Prescription veterinary products such as heartworm and flea/tick preventatives, although meant to protect our pets, can also be a toxin. These products are often given orally and come in tasty flavor chews. Ingesting too much of these products, if left in reach for them to eat, is considered toxic. Some of the other products that fall into this category are dewormers, supplements like Proin or joint supplements and NSAIDS like Carprofen. To prevent toxicity of these products please keep them in a safe place where your pet is not able to get ahold of them. Also please make sure when giving these products that you are carefully reading the labels when administering to make sure you're giving the correct product to the correct pet. Canine flea/tick preventatives can cause severe tremors and neurologic issues in felines if accidentally given to them or applied to their fur.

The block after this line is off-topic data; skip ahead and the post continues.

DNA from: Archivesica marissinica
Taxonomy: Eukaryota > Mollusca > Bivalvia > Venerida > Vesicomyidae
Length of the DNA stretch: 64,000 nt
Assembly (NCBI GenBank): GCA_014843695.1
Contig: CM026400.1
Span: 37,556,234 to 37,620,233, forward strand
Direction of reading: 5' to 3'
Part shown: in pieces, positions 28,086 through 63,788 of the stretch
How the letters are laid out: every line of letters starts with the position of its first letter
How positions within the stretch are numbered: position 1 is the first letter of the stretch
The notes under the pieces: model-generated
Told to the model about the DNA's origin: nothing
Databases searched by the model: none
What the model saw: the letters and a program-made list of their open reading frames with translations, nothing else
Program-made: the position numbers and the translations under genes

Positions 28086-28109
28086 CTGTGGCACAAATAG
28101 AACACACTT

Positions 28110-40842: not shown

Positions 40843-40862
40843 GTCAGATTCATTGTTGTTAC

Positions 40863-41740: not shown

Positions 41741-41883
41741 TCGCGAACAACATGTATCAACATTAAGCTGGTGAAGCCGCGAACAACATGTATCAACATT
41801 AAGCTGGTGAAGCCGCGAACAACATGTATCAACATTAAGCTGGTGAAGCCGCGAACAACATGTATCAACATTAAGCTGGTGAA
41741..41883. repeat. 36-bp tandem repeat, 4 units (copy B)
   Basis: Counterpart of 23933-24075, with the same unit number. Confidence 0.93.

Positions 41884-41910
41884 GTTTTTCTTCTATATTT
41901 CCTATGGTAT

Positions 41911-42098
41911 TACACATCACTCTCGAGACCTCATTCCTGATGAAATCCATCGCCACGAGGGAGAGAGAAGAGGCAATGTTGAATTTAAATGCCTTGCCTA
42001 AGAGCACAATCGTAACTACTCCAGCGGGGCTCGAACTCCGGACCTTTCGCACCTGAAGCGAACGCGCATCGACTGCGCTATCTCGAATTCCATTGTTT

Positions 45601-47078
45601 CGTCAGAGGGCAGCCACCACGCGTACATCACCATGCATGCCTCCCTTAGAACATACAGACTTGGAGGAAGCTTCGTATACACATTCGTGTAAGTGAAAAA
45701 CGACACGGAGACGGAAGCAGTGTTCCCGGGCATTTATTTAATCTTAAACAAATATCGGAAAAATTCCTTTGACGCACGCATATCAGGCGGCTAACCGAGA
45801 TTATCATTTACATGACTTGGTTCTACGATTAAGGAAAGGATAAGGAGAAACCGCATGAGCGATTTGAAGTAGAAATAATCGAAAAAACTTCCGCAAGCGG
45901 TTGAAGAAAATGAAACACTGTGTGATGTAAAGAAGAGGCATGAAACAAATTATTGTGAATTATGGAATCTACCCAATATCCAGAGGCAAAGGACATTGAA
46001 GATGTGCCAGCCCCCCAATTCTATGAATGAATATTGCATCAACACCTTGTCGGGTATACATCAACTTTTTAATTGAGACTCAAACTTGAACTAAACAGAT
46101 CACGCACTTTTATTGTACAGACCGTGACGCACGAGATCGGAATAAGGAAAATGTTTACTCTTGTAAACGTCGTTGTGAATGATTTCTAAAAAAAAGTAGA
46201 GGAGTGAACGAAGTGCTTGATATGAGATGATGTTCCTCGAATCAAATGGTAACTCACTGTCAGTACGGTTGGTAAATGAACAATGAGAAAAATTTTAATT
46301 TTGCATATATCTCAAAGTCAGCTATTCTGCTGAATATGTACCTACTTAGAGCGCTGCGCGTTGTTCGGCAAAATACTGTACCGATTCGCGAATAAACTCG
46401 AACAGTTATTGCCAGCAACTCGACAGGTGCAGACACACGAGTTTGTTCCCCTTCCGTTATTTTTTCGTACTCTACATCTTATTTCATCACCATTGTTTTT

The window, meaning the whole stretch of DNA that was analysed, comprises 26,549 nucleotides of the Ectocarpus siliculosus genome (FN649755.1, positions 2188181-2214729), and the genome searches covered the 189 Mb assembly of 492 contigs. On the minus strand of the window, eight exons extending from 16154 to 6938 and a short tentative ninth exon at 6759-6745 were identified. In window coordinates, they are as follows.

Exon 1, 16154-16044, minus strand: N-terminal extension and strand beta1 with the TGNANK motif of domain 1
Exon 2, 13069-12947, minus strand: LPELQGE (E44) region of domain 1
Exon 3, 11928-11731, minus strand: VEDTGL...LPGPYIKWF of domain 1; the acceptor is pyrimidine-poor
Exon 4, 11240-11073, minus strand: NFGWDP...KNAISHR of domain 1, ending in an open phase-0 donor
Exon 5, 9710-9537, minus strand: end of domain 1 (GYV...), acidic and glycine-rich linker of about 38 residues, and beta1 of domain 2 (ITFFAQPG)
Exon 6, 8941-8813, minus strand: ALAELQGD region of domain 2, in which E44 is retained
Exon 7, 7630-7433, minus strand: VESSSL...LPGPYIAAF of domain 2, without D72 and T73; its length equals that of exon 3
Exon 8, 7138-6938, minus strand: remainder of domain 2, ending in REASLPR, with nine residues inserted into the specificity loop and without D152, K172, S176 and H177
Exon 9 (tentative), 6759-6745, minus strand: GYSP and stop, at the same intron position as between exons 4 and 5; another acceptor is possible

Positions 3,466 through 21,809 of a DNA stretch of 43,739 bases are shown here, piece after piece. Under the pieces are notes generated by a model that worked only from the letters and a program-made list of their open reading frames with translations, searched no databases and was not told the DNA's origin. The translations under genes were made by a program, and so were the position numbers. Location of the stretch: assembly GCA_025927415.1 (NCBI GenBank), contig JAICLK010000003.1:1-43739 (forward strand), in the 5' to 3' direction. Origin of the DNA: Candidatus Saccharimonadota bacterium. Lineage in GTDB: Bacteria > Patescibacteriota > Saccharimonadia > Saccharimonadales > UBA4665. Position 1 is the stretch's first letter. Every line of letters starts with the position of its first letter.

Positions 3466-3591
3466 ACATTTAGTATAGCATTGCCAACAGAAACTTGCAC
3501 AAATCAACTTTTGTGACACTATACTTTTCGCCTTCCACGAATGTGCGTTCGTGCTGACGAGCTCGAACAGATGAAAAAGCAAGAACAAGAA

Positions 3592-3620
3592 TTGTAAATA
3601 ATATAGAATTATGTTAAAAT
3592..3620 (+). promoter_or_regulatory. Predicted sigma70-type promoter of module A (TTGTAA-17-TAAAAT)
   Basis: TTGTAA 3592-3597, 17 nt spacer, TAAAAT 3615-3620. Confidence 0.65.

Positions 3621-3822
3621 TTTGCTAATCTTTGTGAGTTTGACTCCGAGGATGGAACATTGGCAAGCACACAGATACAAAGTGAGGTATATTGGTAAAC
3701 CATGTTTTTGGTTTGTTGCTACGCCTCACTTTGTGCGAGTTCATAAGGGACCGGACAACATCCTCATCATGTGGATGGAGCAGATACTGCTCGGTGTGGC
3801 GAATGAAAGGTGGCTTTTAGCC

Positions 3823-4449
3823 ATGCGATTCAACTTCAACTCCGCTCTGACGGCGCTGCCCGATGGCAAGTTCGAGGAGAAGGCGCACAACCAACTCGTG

To review there are a lot of products out there that our furry friends can get into that can cause them harm. Our job as veterinary professionals is to provide you with as much education as possible to try to prevent these accidents from happening. Sometimes even with all the education and preventative measures, things happen, and your pet might get into something that could be harmful to them. In the event this should happen, the best course of action is to quickly figure out what the product is, how much was ingested and the timeframe of ingestion and call Pet Poison Helpline right away. In these toxic situations, time is often of the essence! t Please act in a timely manner and do not wait to have your pet evaluated if they eat something you know is not safe for them. It is always better to be safe than sorry!